Mold is everywhere. You probably don’t even realize it’s there because you’ve never seen it up close. But whether it’s a few spots on your shower door track or large outbreaks in the corner of your basement, mold isn’t just ugly; it’s also potentially hazardous. And while most people know that mold growth can cause health problems like asthma attacks, skin rashes, and respiratory issues, many are unaware that mold spores can actually make their way into our food supply, causing illness and even death.
If you’re worried about mold growing in your house, you might want to consider getting rid of it. After all, it could be making you sick, and it’s definitely ruining your home’s appearance. In fact, according to the EPA, mold “can cause serious health effects such as allergic reactions, breathing difficulties, and some types of cancer.”
But how do you clean up mold without harming yourself or your family members? Well, we’ll tell you everything you need to know about cleaning and getting rid of mold in your home or commercial space.
What is mold
Mold is a type of fungus. Fungi are single-celled organisms that grow on almost any damp surface, including wood, stone, concrete, drywall, paper, cardboard, leather, fabric, plastic, glass, metal, soil, and many others. They’re everywhere, and we usually take them for granted. But mold isn’t just something that grows on surfaces; it’s actually a living organism that feeds off moisture and nutrients found in our homes.
In fact, mold doesn’t really look like anything at all. You might see it as tiny specks of grayish brown, tan, yellow, or pink. Or maybe it looks like fuzzy little bumps or blobs. In some cases, it appears as dark patches on wallpaper, ceiling tiles, or floors. And while most people think of mold growing on bread or cheese, it can also grow on things like carpeting, clothing, shoes, furniture, countertops, and even books.
The good news is that mold won’t hurt you unless you breathe it in or ingest it. However, it can cause health problems if you come into contact with it. For example, if you touch a piece of moldy material, you could develop skin rashes. If you eat or drink something contaminated with mold spores, you could experience nausea, vomiting, diarrhea, headaches, eye irritation, breathing difficulties, fatigue, fever, coughing, wheezing, chest tightness, and shortness of breath.
If you suspect you’ve got a mold problem, call your local building inspector or environmental health specialist. He or she can help determine whether you have a serious issue or not.
What causes mold in properties
Mold grows best in warm, humid conditions. In fact, you don’t even need to provide it with a food source; just a few drops of water are enough to start growing. If there’s no food source, like a leaky roof, it’ll find something else to feed off of. Most commonly, it feeds off of organic materials found in buildings, like wood, insulation, drywall, carpeting, and wallpaper.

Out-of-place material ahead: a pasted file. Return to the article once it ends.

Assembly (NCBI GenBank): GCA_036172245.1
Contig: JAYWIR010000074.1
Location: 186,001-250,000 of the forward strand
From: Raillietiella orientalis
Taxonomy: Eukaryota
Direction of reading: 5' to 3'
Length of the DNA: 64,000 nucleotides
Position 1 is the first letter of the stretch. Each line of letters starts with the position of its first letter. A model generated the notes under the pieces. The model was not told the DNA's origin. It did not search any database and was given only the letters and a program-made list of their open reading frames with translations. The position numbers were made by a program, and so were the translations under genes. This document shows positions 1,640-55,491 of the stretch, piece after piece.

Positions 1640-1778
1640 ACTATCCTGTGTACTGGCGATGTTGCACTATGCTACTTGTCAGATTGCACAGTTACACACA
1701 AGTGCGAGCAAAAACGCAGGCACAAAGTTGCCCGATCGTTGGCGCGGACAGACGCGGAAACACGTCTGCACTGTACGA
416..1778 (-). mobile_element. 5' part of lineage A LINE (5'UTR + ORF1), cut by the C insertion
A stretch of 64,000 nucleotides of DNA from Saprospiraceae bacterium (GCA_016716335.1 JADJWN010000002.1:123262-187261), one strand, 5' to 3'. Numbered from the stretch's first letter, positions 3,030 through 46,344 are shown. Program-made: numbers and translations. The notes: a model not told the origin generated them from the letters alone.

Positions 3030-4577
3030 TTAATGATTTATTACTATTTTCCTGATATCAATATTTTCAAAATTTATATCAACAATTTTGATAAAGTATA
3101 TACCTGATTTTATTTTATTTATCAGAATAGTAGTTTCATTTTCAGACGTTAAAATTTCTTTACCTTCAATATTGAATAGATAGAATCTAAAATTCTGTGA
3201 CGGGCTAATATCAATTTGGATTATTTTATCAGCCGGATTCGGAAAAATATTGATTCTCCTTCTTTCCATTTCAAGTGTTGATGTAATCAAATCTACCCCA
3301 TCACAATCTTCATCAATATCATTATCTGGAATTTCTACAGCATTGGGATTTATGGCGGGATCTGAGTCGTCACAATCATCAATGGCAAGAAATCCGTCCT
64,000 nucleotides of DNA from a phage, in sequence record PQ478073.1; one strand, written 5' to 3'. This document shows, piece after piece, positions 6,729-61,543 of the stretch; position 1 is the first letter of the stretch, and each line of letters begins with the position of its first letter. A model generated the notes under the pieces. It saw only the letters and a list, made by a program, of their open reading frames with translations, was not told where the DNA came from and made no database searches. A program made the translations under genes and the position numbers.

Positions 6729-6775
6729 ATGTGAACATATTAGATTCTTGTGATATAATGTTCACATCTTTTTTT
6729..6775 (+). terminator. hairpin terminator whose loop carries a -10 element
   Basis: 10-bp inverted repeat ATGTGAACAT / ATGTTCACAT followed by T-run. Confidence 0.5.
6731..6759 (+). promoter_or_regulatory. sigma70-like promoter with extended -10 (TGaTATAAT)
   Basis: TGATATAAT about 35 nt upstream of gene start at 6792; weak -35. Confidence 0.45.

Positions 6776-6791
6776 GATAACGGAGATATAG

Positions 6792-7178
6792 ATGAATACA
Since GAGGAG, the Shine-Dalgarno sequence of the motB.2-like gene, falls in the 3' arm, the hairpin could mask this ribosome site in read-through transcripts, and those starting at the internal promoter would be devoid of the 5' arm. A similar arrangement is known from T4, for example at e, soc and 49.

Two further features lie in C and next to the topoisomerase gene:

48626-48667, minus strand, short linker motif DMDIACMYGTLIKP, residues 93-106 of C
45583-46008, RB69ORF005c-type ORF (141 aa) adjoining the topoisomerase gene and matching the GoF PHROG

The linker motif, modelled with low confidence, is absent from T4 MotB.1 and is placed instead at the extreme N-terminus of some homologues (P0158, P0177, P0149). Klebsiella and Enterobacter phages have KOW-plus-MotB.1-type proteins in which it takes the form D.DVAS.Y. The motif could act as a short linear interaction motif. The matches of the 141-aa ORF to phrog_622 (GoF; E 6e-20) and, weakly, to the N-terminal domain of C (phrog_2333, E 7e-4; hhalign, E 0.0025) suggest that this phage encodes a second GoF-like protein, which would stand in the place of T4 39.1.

The most important thing to do when dealing with mold is to prevent it from spreading. This usually involves keeping humidity levels low and getting rid of the source of the problem. You can use air fresheners, dehumidifiers, fans, and heaters to keep things under control. Keep an eye out for signs of mold growth, like musty odors and black spots on surfaces.
Different type of mold and mildew
Most types of mold are harmless. But some are very dangerous and should be removed immediately. Here are the most common kinds you might find in your home:
Black with white or yellow underneath
The most common form of black mold
On damp walls, fruits and veggies
Rare, but it can cause severe lung disease
Yellow-green and reddish brown underneath
Appears downy or powdery
Causes allergic reactions
White with green or blue underneath
Looks like cotton balls
Can cause respiratory issues
Brown with orange or red underneath
Looks like dried blood
Causes asthma attacks
Green with white or light brown underneath
Looks like wet grass
Blue-gray with white underneath
Looks like soap scum
Causes skin irritations
How to remove mold
Tackling the underlying cause of mold
Mold is everywhere. We inhale its spores every day without even realizing it. Mold doesn’t care about our homes; it wants to live where there’s moisture. If you have water damage, mold might already be living inside your walls. But don’t worry, it won’t eat up your whole house. You can still make sure mold never takes over again.
The first step is to identify what type of mold you’re dealing with. There are hundreds of different types of molds, each with their own unique characteristics. Some molds like wet wood, while others prefer dry conditions. Some molds thrive in warm temperatures, while others do best in cooler environments.
Once you know what type of mold you’ve got, you’ll want to determine whether it’s causing problems. Is it making your home smell funky? Are you seeing signs of structural damage? Do you see black spots on your ceiling? These symptoms could mean that mold is growing in your walls.